The Nordex Group has informed staff at the Rostock GVZ rotor blade site in Germany about considering ceasing the manufacture of rotor blades at that site at the end of June 2022.
A reconciliation of interests and a severance scheme are to be negotiated with the works council in the short term in order to make the planned reduction in force socially acceptable. About 600 of a total of 8,600 employees worldwide would be affected at the GVZ.
In Germany, the Nordex Group employs about 3,150 people.
The increasingly challenging market environment and strong competition, together with a shift in demand, require Nordex Group’s global production and sourcing processes to be adapted.
Since the introduction of the auction system in most of the energy markets, the industry has been globally characterized by increasing price competition. Those power producers who submit the lowest bids are awarded the contract and then pass on the price pressure to the turbine manufacturers. They, in turn, have to reduce their production costs to remain competitive. The cost of energy production from wind have halved in the last five years; this development has had a negative effect on the manufacturers’ profitability.
Against this backdrop, blade production at Rostock is, despite the cost-saving measures already implemented, not competitive within the Nordex Group’s global production network and worldwide project business. Additionally, the Rostock plant manufactures blades for turbines with a 149-meter maximum diameter. The global trend has been developing towards more efficient turbines with even longer rotor blades. Consequently, demand for the blades which can be manufactured at Rostock will continue to decline.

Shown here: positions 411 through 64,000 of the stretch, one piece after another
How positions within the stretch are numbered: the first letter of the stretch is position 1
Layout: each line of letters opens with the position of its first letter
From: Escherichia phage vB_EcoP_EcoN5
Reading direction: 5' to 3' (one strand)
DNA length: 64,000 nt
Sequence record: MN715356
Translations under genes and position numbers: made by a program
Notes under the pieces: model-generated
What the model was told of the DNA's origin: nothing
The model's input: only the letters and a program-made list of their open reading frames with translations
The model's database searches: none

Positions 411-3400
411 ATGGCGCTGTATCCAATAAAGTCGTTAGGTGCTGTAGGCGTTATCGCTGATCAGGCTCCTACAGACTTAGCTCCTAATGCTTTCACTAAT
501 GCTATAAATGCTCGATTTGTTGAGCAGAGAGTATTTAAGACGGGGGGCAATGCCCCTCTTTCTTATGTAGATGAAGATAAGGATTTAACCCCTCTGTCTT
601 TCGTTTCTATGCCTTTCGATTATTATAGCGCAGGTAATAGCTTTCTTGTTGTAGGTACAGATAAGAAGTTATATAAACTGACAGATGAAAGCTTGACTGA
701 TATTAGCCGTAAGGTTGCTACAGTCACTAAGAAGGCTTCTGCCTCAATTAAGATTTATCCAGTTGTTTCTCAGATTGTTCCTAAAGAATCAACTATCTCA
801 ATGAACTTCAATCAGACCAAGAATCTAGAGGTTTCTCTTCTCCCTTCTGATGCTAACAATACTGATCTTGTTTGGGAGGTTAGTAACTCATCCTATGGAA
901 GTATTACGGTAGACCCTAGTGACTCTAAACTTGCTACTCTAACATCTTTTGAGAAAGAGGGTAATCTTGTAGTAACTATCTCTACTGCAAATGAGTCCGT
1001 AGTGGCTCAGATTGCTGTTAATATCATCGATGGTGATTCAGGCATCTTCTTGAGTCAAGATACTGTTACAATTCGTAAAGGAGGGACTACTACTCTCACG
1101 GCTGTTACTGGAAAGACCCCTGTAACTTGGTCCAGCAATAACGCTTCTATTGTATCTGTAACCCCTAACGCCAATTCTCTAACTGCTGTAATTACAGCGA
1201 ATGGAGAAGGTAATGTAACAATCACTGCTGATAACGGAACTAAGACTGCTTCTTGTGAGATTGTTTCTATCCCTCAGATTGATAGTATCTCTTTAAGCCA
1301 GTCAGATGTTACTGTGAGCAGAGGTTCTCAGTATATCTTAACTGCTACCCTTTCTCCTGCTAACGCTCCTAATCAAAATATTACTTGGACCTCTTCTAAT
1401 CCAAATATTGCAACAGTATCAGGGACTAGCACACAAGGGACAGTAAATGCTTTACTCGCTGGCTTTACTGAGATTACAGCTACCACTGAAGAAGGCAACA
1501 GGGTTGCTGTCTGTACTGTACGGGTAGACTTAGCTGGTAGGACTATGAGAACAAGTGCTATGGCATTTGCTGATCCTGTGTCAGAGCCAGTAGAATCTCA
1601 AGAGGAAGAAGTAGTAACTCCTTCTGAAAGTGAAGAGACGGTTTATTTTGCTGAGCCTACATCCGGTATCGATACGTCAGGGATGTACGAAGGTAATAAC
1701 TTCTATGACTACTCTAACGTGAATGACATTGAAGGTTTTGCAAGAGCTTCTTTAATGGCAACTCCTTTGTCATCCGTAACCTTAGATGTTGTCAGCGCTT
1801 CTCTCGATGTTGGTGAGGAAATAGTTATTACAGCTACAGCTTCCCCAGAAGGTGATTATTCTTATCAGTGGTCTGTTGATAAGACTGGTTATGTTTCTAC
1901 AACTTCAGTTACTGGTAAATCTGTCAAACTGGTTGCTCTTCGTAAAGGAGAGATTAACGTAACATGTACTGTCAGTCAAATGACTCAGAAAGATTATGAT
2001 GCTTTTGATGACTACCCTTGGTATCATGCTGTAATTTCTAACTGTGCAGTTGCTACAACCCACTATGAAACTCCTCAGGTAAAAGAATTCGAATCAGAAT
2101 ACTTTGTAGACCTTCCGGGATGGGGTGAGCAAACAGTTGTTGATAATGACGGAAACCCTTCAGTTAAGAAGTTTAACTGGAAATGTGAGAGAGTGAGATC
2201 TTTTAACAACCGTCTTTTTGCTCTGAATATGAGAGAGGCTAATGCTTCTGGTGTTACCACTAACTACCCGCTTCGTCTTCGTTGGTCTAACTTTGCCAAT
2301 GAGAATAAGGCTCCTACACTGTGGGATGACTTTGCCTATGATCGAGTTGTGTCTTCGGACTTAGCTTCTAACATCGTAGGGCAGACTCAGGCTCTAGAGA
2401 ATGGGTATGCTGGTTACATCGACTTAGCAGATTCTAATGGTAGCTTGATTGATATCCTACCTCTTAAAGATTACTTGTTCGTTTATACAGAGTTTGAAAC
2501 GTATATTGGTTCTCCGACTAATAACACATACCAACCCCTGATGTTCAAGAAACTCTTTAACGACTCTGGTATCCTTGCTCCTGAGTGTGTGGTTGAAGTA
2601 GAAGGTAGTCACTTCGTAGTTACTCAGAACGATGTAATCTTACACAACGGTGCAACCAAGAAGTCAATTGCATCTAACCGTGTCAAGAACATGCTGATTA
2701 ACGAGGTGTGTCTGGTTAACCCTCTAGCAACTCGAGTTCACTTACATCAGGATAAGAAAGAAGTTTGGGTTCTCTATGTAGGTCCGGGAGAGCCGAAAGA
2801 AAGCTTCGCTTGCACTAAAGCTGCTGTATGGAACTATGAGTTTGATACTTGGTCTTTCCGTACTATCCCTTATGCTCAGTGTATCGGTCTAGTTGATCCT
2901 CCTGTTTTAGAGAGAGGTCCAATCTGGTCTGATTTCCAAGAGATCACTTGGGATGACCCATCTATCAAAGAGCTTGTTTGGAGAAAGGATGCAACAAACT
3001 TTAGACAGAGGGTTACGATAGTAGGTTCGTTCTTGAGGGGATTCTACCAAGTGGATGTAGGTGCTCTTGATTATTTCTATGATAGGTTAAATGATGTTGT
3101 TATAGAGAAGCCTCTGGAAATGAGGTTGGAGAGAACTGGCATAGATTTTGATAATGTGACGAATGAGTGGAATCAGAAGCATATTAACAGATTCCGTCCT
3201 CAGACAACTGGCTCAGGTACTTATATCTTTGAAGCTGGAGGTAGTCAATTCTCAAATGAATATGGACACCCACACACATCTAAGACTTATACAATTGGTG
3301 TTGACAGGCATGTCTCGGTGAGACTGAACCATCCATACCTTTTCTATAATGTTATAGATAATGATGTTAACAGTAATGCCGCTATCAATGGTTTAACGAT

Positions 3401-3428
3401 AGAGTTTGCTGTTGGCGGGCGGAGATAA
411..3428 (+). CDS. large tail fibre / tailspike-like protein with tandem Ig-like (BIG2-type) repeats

“The wind industry operates in a highly competitive, global market that is mainly cost-driven,” states José Luis Blanco, Nordex Group’s CEO. “Against this background, we must optimize our global production and sourcing processes in order to ensure profitable production and to secure the Nordex Group’s competitiveness. As a German and European-based company, we particularly regret that we do not see an alternative to this painful measure. We need an industrial policy that aims for a sustainable and comprehensive way to decarbonize and foster supply chain independency.”
Apart from the rotor blade production, Rostock is also home to a nacelle, hub and drive trains production site (DMR) as well as to engineering and service organization staff. These employees are not affected.